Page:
• Texture: paracord has a good grip that you can hold onto without chafing your palms to the point of blisters. It does have some elasticity to it as well, allowing you to use as much as you need to wrap around your gear to keep it in place. The way the threads are woven provides a smooth enough texture to the hand that you won’t have to suffer from rope burns.
  • Personalization: as mentioned above, paracord comes in a wide variety of colors and patterns that allows you to personalize your gear and identify yours from the rest if you’re traveling in groups.
  • Easy carry: many of the tools that you’ll be bringing on your camping trip include lanyard holes, and paracord is the best thing that you can use to fashion a lanyard. It’s flexible, bright, light, and won’t break easily, so you can always have your tools on hand for when you need them. With a bit of knotwork, you can create a multitude of different lanyards in various shapes and patterns so that you can have even more paracord with you while still reducing the bulk of the weight you’re carrying.
  • Increased visibility: you can make your important accessories and tools easier to find with a bright and colorful paracord bracelet. You’ll have a hard time losing your stuff with one of these clipped on around a handle.

Many experienced hiker have come to rely on the various paracord bracelet uses and there are always more and more being developed and created through a little exercise of ingenuity.

Carry Paracord With You

You’ll look forward to all the creative ways you can put your paracord bracelet to use once your get your hands on your first one.

Various Paracord Bracelet Uses You Didn’t Even Know About

It’s important when you get to make your purchase that you know how to use a paracord bracelet as manufacturers make the unraveling different from one model to another. For instance, some only require you to undo one end from the plastic or metal that clips the bracelet together while others require you to cut one end in order to undo the length of paracord.

Be sure to read the instruction manual first so that you know how to undo your bracelet without ruining it altogether.

There are many applications that use paracord, but we’re only going to cover the most important ones. Even so, many of these uses are so simple that many of you didn’t even know about them.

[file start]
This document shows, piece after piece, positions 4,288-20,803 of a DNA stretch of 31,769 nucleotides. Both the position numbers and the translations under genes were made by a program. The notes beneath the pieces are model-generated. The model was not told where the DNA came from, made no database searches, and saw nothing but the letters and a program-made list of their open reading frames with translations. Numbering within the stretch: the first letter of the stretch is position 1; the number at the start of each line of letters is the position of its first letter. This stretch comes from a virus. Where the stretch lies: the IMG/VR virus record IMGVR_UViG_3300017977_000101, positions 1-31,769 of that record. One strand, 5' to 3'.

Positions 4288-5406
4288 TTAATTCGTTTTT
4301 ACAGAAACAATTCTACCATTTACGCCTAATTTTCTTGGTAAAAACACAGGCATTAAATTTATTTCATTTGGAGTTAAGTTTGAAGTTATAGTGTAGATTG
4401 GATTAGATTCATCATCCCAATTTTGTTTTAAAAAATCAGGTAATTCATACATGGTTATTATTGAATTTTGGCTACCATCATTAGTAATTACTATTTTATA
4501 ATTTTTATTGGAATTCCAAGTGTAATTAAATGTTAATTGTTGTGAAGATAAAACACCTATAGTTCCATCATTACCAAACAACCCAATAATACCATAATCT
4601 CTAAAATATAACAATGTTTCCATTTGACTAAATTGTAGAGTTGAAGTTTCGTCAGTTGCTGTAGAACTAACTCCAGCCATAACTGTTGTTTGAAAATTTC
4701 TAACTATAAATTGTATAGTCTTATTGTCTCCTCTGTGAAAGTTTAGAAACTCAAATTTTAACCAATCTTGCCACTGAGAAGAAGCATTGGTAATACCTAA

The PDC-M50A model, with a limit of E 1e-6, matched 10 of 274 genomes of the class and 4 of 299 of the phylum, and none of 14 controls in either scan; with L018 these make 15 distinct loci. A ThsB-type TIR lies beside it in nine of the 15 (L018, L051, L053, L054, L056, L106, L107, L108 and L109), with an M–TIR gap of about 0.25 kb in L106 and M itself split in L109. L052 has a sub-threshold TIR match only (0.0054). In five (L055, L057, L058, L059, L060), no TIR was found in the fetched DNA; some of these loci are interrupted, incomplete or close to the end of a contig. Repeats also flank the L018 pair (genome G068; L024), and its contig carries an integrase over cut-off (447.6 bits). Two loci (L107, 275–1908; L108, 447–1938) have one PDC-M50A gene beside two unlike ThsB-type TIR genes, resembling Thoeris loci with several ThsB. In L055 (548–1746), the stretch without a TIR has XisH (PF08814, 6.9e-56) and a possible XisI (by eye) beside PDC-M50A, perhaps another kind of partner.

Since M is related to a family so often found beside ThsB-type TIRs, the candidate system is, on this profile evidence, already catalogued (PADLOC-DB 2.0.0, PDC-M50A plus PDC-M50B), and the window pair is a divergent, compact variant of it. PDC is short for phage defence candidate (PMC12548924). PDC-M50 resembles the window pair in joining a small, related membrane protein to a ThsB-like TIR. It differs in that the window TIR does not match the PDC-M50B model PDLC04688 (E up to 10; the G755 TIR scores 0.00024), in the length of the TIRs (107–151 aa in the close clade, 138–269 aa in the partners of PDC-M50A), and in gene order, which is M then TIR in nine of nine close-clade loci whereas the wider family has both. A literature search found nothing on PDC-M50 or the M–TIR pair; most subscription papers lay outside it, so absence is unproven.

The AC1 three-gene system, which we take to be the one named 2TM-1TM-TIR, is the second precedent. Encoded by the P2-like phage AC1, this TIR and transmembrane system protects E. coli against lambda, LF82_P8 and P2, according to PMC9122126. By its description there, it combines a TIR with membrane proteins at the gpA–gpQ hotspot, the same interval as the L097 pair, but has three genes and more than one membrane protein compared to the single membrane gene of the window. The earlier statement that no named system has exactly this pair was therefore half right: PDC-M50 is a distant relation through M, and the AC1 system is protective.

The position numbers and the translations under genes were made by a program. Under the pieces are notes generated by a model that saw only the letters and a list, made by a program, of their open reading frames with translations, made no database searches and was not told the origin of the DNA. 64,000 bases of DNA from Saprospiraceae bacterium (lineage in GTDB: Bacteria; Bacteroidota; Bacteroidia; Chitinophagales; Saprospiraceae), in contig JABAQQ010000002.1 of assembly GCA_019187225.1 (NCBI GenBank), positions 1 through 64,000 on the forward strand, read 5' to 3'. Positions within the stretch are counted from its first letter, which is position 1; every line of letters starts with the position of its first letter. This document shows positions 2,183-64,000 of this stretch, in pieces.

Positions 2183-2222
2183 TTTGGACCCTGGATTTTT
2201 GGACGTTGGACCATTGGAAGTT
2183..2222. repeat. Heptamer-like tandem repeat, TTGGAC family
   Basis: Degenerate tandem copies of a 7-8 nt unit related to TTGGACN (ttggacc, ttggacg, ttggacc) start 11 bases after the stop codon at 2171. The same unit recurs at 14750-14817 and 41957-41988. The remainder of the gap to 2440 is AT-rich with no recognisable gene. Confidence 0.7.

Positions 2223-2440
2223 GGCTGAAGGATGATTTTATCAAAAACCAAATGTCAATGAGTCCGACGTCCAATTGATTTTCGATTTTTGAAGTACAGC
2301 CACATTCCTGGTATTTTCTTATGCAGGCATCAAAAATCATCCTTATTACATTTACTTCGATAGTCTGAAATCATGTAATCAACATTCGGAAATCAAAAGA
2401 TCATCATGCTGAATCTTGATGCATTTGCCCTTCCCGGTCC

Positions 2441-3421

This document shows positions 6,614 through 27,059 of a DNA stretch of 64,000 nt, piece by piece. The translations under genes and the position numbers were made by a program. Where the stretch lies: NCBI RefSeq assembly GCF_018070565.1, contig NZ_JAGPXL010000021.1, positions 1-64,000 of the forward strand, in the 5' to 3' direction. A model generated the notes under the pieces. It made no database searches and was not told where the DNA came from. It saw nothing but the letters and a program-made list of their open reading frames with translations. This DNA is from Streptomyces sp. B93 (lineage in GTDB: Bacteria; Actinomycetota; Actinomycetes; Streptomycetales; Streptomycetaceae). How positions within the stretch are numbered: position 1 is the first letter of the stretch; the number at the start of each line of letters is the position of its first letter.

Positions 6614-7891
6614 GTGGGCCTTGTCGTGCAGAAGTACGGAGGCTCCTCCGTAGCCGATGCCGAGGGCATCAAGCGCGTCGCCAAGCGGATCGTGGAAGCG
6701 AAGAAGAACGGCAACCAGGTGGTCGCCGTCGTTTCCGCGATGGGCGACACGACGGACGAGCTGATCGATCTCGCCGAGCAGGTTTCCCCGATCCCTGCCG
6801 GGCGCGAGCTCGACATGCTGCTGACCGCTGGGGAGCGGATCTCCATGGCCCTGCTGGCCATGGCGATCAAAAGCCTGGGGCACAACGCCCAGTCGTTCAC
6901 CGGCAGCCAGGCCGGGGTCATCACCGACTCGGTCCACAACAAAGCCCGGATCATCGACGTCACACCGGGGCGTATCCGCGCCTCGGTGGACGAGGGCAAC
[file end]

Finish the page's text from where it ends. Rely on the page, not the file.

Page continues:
For first aid

When you’re out camping, accidents do happen. For instance, how would you react if one of your friends would break a bone while camping with you? The first response is to call for help and wait, but instead of waiting it out, hoping that someone will find you, you can create a makeshift gurney with just some paracord and some material you may have, like a tarp.

All you have you do is place the injured person on the gurney and create a toe loop that runs through both corners of the gurney. This way, the rope won’t favor one side over the other, causing the person to roll off.

Now, all you have to do is pull them back to your campsite. It would be best if you had some kind of padding on the paracord where you’re going to do the pulling, or else your hands are going to get the raw end of the deal after carrying your friend back.

Building a bow

Some parks may allow you to carry firearms, in case you may want to hunt something. But, for those that don’t, you can always build your own way of catching a meal with a makeshift bow.

Make a bow

A bow and arrows is a great way to take out small game when traps just aren’t working, and it can be used over and over again in a pinch.

If you’re building your bow from scratch, you should use a dry hardwood to create your stave and use some paracord to serve as your bow string. You can also use a cut piece of paracord to fletch your arrows and help them to fly straighter. Paracord can also be used if your existing bow string broke and you need a quick way to replace it.

Building traps